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FacilitiesThe Department of Mechanical Engineering has a variety of facilities to support student projects and research. These spaces enable students to turn ideas into physical reality while gaining experience with industry standard prototyping, manufacturing and instrumentation equipment.
Faculty LaboratoriesBelow, find a few examples of the diverse, dynamic research happening across the Department of Mechanical Engineering. Learn more.
Professor Iryna Zenyuk
At the Sustainable Electrochemical Energy Lab (SEELab), we focus on
fundamental understanding of coupled transport phenomena and
reaction kinetics in electrochemical energy-storage and conversion
technologies. The group is motivated by the basic science, and aims
at resolving technological hurdles to commercialization
next-generation fuel cells for transportation sector, as well as
grid-storage technologies for sustainable, low-emission energy
systems. SEELab specializes in design of advanced diagnostics,
material development and characterization along with computational
modeling of electrochemical energy systems.
Professor Robert White, 200 Boston Ave Suite 2700
This laboratory is concerned primarily with the development of microscale (MEMS) transducers. MEMS devices are fabricated with minimum dimensions on the order of 1 micron through procedures finding their roots in semiconductor processing. In addition to traditional semiconductor materials, we also experiment with new material systems with particular application in mechanical transduction. The lab follows device design through all stages from concept, to mathematical modeling, fabrication, packaging, and testing. There is an emphasis on acoustic sensing in the lab including aeroacoustic sensing and biomedical ultrasound. In addition to microscale sensing, we also work in the broader area of acoustics, vibrations, dynamics, and controls. We also have an interest in computational cochlear mechanics and biomimetic sensing. The design and testing of low noise electronics and automation for MEMS testing also form part of our activity. The lab is closely allied with the Tufts Micro and Nano Fabrication Facility, where we perform our fabrication activities.
Superconductivity and Fusion Research Laboratory
This laboratory has facilities to support development of advanced materials for applications in superconductivity and fusion technology. Superconductivity research involves studying superconducting materials and their electro-mechanical properties when used in magnets or cables for fusion energy or energy transport and storage systems applications. The lab focuses on stress-strain characterization of superconducting wires and tapes. Cables composed of multiple wires are also studied and the tests to optimize their design and performance include collaborations with MIT and national laboratories (Fermilab, Berkeley National lab and the National High Magnetic Field Laboratory). Fusion technology research involves investigations in the science of welding, brazing and soldering with an emphasis on microstructural control during solidification. The lab houses sophisticated sample preparation equipment used in the production of ingots for testing in collaboration with scientists at NASA and Sandia National Laboratory. The laboratory also contains basic chemical processing unit operations for fabrication and testing of thermal barrier aerogel composites.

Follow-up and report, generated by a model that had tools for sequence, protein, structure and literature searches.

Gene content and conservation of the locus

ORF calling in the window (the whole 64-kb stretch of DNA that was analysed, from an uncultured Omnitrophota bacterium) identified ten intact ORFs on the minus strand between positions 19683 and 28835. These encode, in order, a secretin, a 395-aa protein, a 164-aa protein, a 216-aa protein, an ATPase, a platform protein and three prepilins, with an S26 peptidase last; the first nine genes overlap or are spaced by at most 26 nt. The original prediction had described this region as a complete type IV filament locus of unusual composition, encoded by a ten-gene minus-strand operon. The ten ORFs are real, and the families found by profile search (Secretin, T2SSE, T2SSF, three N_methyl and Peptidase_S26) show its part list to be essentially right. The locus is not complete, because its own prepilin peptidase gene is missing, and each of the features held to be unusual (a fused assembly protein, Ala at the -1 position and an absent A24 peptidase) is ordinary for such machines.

Professor. Robert White, 200 Boston Ave Suite 2700
This multi-user facility provides micro- and nano-fabrication capabilities to the Tufts community. The lab is a class 1000 to class 10,000 cleanroom facility. Capabilities include NUV contact lithography (minimum feature size ~750 nm), thin film sputter deposition, plasma etching, a variety of "wet" chemical processes including wet etching, PDMS micromolding for microfluidics, and electroplating, vapor phase Parylene deposition, wafer sub dicing, wire bonding, and a suite of metrology tools. The laboratory is open to graduate students, undergraduate students, post doctoral researchers, and faculty from across the University. Users span multiple departments and multiple schools. In addition to traditional glass and silicon microsystems, recent projects have included work on biomaterial thin films, microfluidics, and optical microsystems.
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